3. Prudential 

With Prudential, AD&D is available as a stand-alone policy or as a rider to your base policy. The coverage is offered as an employee benefit. You also have the option to purchase AD&D for your spouse or children. Prudential’s A+ rating with A.M. Best makes them one of the first choices when it comes to AD&D. 

4. AIG Direct 

AIG Direct offers AD&D as three separate plans. The AG AccidentCare Direct Plus plan is a guaranteed policy for dismemberment or paralysis and has guaranteed renewal benefits. The Accident Expense Plus plan helps your family where your health insurance does not. This plan helps most in the event of critical illness. AG Accident Choice Plus plan provides 24-hour protection and an indemnity benefit. These plans cover costs such as surgery, emergency room visits, and physical therapy. Coverage is available to residents in over 100 countries. 

5. MetLife 

AD&D is offered as an employee- or employer-paid benefit with MetLife. A wide range of covered accidents falls under its AD&D policy. Covered benefits consist of injury caused by felonious assault, hospitalization, therapy, job-related injury, and more. If you or a loved one is in a car accident, there is additional coverage for seat belts and airbags. 

How much does AD&D cost? 

Rates are usually low for AD&D coverage, but before you start shopping for a policy, check to see if your employer offers it.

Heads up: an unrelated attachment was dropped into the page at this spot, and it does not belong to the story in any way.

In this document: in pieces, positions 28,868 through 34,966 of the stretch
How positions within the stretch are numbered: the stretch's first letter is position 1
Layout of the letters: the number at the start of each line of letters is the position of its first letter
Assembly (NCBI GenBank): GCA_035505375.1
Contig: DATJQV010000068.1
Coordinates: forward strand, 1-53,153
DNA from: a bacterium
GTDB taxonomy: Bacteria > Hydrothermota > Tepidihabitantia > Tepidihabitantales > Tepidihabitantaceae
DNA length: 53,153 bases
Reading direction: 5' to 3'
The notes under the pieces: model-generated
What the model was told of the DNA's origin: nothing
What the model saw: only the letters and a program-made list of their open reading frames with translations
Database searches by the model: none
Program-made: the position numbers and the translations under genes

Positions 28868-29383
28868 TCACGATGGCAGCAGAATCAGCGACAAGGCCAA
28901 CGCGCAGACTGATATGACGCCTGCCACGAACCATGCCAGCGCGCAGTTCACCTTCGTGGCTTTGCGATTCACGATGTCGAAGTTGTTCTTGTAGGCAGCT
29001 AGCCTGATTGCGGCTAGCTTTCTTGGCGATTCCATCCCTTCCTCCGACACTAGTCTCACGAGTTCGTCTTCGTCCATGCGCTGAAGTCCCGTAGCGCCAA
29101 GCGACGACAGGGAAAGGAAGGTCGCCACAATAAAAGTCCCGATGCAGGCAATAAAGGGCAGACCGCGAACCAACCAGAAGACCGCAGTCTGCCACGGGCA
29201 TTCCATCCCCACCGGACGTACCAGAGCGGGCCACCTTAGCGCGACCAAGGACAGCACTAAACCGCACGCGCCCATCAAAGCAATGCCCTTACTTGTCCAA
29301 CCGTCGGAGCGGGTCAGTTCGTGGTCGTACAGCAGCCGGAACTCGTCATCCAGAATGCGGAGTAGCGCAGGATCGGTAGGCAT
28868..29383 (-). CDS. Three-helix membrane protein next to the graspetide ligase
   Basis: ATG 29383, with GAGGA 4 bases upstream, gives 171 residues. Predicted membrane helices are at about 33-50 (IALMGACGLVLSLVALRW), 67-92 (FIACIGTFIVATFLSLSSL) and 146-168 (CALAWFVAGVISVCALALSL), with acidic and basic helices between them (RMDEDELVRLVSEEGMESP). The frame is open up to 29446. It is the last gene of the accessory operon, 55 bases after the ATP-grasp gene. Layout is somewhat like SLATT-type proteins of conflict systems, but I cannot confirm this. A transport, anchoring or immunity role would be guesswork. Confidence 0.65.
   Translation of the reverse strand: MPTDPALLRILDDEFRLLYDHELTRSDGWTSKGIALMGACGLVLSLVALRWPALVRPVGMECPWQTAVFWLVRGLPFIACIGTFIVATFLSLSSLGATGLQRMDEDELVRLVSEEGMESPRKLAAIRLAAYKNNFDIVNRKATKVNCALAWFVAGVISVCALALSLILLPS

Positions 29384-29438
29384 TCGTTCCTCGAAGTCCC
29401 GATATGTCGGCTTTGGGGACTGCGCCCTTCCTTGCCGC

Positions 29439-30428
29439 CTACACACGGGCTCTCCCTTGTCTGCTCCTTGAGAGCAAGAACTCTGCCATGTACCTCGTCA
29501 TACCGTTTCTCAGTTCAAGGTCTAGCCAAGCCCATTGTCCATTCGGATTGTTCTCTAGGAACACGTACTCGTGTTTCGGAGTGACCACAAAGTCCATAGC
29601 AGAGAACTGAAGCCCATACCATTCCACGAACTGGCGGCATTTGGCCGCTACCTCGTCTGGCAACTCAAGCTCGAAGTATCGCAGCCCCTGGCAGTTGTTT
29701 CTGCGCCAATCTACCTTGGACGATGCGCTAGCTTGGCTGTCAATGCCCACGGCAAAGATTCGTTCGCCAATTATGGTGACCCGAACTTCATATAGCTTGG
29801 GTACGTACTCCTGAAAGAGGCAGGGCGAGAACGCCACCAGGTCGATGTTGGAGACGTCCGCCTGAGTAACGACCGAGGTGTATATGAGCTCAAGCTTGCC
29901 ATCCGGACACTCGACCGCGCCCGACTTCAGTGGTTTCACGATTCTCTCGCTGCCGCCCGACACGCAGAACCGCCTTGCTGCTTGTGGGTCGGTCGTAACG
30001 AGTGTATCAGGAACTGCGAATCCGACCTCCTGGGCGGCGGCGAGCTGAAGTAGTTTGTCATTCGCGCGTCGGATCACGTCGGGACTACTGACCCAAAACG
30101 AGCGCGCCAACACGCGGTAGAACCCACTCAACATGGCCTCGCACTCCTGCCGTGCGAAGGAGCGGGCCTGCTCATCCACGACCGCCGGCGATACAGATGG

As one of the cheaper options available, premiums are based on the amount of coverage you have. Premiums can be as low as $4.50 a month for $100,000 of coverage. 

Make sure you compare life insurance quotes on Insurify before buying a policy—you might find a better deal for a better policy!

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How to Find the Best Life Insurance 

Buying life insurance is always a practical decision when it comes to safeguarding your family’s financial well-being. There’s peace of mind in knowing that you and your family are prepared if the unthinkable happens.  

Insurify makes it easy to find the best life insurance. In just a few minutes, you can compare real quotes from the best companies. 

If you’re already covered, it’s never too late to add more to your policy to maximize your benefits. If you’re getting a new policy for the first time, keep in mind that your policy can always be adjusted to fit your current situation. You can increase or reduce your coverage to work within your budget.  

Comparing what’s available will give you the best chance to find a great deal. Stay within your budget by paying premiums based on how much coverage you have. Periodically, you’ll be able to renew your policy and have a chance to make changes or leave it the way it is. 

Updated November 10, 2020

Brooke Taylor is a freelance writer with a passion for storytelling and educating others. She has experience in life insurance and has been active in helping consumers make more informed decisions. When she's not writing, Brooke is reading a good book or being a mom of four. To learn more about Brooke you can visit her website www.brookeuniverse.com.